Recommend with caution: A meta-analysis investigating papillary thyroid carcinoma tumor progression under active surveillance

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American Journal of Otolaryngology - Head and Neck Medicine and Surgery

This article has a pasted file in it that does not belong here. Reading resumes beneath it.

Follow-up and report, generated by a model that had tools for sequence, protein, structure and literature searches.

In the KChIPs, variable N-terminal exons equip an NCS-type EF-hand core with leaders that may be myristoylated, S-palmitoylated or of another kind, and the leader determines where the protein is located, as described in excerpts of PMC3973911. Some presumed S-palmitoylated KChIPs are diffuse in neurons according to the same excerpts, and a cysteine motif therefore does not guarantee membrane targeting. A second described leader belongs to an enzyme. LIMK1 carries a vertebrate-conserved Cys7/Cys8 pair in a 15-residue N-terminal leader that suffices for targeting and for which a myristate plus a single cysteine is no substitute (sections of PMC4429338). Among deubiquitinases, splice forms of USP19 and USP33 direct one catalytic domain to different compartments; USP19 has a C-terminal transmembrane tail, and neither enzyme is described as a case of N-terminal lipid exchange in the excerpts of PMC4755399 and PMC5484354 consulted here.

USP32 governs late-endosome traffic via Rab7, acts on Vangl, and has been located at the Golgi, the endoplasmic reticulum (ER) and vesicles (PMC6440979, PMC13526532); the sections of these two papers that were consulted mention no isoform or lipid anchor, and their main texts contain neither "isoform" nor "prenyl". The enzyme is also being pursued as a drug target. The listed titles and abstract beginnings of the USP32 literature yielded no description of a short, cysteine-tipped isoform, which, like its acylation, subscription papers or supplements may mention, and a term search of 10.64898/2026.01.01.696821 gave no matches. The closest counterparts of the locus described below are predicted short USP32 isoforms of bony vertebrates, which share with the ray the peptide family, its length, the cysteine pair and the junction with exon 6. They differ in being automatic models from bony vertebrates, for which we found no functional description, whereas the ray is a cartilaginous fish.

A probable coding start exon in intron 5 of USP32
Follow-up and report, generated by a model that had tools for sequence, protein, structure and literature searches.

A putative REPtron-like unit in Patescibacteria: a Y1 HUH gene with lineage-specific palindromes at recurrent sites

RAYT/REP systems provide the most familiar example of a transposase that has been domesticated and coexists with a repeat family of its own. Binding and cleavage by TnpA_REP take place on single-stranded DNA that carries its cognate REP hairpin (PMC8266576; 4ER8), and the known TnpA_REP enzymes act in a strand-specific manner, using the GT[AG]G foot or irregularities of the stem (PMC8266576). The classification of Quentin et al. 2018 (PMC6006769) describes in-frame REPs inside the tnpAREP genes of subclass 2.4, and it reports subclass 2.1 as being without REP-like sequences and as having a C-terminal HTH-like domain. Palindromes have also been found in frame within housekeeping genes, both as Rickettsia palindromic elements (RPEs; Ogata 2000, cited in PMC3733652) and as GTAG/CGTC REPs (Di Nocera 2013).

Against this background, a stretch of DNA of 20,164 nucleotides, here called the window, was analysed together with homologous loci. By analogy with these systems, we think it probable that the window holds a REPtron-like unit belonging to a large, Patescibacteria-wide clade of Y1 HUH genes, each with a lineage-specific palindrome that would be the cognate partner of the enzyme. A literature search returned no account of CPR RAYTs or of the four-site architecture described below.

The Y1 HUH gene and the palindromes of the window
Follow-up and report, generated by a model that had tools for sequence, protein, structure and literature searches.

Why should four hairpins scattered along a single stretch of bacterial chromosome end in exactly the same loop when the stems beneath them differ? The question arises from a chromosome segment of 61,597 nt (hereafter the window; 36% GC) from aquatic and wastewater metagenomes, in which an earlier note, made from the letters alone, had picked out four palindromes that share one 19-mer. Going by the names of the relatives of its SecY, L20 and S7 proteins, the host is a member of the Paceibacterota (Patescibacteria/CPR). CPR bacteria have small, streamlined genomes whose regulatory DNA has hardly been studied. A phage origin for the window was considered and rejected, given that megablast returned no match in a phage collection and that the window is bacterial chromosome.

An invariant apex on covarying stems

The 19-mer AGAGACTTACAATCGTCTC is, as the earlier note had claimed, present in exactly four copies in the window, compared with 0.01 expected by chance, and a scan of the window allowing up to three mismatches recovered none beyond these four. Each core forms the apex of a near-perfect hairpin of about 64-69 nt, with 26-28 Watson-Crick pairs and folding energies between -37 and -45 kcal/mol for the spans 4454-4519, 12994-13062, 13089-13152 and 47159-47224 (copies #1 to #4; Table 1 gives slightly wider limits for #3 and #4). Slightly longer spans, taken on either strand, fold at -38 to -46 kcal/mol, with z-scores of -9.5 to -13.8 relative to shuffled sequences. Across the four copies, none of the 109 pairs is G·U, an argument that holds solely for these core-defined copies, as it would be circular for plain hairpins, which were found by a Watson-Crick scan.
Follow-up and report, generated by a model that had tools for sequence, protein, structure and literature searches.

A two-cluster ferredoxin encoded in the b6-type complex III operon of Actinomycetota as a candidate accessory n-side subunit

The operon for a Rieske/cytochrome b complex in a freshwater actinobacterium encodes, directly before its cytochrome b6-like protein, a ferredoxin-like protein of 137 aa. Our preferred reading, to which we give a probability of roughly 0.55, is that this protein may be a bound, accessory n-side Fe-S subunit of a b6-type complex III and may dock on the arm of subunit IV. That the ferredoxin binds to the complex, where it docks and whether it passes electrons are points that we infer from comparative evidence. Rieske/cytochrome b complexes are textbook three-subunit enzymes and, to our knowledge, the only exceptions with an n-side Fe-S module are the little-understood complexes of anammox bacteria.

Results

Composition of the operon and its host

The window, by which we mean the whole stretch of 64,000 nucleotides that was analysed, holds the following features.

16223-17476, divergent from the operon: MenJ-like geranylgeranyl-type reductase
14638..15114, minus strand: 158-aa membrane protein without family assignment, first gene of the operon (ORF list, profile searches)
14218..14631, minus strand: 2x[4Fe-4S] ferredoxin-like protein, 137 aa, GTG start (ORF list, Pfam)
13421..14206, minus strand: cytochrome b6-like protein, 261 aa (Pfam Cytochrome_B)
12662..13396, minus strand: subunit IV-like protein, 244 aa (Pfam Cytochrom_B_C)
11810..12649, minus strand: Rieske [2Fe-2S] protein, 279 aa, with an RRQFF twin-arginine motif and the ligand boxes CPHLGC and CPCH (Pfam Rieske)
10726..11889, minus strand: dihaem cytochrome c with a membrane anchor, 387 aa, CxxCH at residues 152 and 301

Background: Papillary thyroid carcinoma (PTC) is an indolent disease with favorable outcomes. The non-surgical treatment approach known as active surveillance (AS) has been introduced as an alternative treatment instead of the traditional thyroidectomy. However, 10–15 % of PTC tend to progress. We sought to determine factors predicting the progression of PTC under AS. Methods: A systematic search was performed in January 2022 using PubMed, Embase, Google Scholar, Web of Science, and ScienceDirect. PRISMA guidelines were used by multiple reviewers to extract study characteristics (author name, publication date, journal name, country, institution, and study design), as well as main outcomes and measures. A combination of utilization of thyroid replacement therapy, baseline tumor size and volume, follow-up tumor size and volume, and the presence of lymph node metastasis and its distribution, as well as surveillance duration, were the main measures of this study. Results: Nine studies with 4166 patients were included, of which 354 showed tumor progression during AS (15 %; 95%CI = 7 % – 23 %). The average follow-up period was 41.58 months. The mean tumor maximum diameter was 8.54 mm (95%CI = 7.04–10.03). Tumor progression was most commonly secondary to an increase in volume by ≥50 % (75 %; 95%CI = 68 % – 80 %), then increase in diameter by ≥3 mm (41 %; 95%CI = 13 % – 76 %), and finally the development of lymph node metastasis (13 %; 95%CI = 9 % – 19 %). Approximately only 2 % of all patients thus developed new lymph node metastasis. Patient age, sex, and tumor size were not associated with higher risks of tumor progression. 12 % of AS patients eventually underwent surgery, though only 40 % (95%CI = 27 % – 53 %) of these patients displayed tumor progression. Conclusions: Our meta-analysis determined a tumor progression rate of 15 % in patients who underwent AS management, 13 % of which (2 % of all patients) developed lymph node metastasis. We found no protective or risk factors for tumor progression, and that almost half of all patients who underwent delayed surgery did so for reasons other than tumor progression. While not biopsying small (<1 >cm) or very low suspicious nodules is already recommended, AS may be an appropriate treatment option in patients appropriately counseled, considering the low risk of advanced tumor progression but also the considerable patient population who fail to adhere to treatment. Alternatively, in aim of preventing overtreatment in patients who would rather take proactive measures against their low-risk carcinoma, minimally-invasive ablation techniques may be an attractive option.

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